G-Player is a web-based tool that allows complex visualizations and analyses of player behavior in a virtual environment. G-Player aims to provide the Northeastern Game Department with the ability to run data visualization on big-data queries to identify player behaviour trends between personality types.
British professor and game researcher Richard Bartle theorized that one could construct a classification system for behaviour how players approach and enjoy open world video games.
Bartle believes that a player’s behaviour type could be broken down along two axis: acting vs. interacting, and an interest in players vs. interest in the world. These axis provided four quadrants of behaviour types in video games: killers, achievers, socializers, explorers.
Can you analyze a player’s experience in a game world, and based on their actions determine their behaviour type? If possible, this could be done not through observation, but programmatically by the game itself - opening up a new field in video game technology where the game itself could adapt to the behaviour patterns of the player, and providing a more challenging and stimulating experience based on their identified player type.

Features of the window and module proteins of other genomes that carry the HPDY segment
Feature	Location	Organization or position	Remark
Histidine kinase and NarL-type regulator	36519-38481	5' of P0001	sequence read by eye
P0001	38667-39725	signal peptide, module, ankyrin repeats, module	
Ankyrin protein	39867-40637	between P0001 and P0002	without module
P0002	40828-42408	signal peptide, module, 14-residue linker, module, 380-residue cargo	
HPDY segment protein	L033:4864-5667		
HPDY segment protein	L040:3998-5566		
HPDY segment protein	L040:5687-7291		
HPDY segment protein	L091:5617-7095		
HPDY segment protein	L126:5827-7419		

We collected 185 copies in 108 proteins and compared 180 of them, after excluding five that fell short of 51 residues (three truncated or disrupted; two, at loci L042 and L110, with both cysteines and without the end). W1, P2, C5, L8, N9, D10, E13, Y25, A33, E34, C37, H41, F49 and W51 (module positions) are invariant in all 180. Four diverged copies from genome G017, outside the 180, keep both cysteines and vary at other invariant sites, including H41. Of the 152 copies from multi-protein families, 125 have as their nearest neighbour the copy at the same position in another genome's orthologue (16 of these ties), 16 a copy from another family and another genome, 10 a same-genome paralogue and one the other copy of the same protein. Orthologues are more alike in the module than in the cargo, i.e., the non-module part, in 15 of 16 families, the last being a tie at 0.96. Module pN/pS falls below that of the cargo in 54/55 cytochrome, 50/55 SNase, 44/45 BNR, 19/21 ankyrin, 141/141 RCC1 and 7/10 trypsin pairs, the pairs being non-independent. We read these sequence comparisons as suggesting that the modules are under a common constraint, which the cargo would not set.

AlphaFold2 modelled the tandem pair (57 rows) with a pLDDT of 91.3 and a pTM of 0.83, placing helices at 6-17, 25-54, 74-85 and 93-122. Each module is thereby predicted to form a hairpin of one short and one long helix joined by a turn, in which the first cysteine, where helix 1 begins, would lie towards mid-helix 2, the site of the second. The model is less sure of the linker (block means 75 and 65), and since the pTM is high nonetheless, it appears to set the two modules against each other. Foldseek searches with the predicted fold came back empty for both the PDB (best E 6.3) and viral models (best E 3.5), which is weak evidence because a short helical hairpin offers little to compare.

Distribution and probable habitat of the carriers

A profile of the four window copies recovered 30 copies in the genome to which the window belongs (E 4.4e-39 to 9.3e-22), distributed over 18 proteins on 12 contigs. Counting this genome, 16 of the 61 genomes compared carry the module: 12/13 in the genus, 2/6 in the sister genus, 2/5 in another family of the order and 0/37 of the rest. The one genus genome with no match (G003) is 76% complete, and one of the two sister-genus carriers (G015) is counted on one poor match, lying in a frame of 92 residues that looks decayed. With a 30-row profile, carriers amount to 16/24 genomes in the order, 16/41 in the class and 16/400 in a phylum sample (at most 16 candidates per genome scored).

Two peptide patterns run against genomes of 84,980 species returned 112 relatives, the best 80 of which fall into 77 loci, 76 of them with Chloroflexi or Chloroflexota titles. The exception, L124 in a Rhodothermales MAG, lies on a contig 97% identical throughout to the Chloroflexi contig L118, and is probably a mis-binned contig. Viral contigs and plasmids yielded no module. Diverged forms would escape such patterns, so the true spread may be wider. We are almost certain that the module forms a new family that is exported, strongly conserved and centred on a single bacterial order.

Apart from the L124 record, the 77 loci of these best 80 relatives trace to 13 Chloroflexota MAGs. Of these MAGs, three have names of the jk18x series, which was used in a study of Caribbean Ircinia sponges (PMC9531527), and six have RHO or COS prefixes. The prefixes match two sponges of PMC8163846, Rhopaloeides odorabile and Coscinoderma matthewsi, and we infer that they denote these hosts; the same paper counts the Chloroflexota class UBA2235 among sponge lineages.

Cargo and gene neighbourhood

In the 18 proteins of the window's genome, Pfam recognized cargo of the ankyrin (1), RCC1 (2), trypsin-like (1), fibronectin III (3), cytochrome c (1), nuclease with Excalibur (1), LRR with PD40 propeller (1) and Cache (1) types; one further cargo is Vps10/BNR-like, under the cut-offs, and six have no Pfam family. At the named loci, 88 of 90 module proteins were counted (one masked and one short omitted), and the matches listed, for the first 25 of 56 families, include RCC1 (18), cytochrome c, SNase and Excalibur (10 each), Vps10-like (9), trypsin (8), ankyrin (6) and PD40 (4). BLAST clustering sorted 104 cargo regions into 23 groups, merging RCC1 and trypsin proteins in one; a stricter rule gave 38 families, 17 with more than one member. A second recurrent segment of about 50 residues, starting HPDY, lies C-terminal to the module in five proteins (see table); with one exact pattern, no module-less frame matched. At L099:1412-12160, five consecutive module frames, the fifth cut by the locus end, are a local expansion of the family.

G-Player is a data visualization web-app for uploading and viewing spatial-temporal player activity logs from video games. The project was developed in the context of visualizing a player's data as they played a custom mod within the game Fallout: New Vegas. This software attempts to provide the visual tools to enable game researchers to analyze player activity within video games. Our goal was to provide a user interface for exploring player data in order to understand actions, correlations, and trends.
G-Player was created as a team project in CS4500 Software Development - in association with Truong-Huy D. Nguyen, Game Development Researcher and Alessandro Canossa, Associate Professor of the College of Arts, Media & Design at Northeastern University.
As the lead developer for my CS4500 Software Development team, I was responsible leading the project, determining the architecture, and the majority of the front-end data visualization.
The research team wanted a tool that could be applied to any of their active studies in which player logs were stored. They needed a way to visualize hundreds of hours of player activity, including location data, game interaction, and player actions. As a result, we had to build out an API and Admin Interface for defining new data sets, and allowing the upload and input of arbitrary player data.
The front-end was a leaflet-powered mapping tool. Plotting player data based on preset or custom-defined database queries. It required the ability to view broad data sets, such as hundred of playthroughs, along with the ability to drill down into specific playthroughs to better understand individual player choices.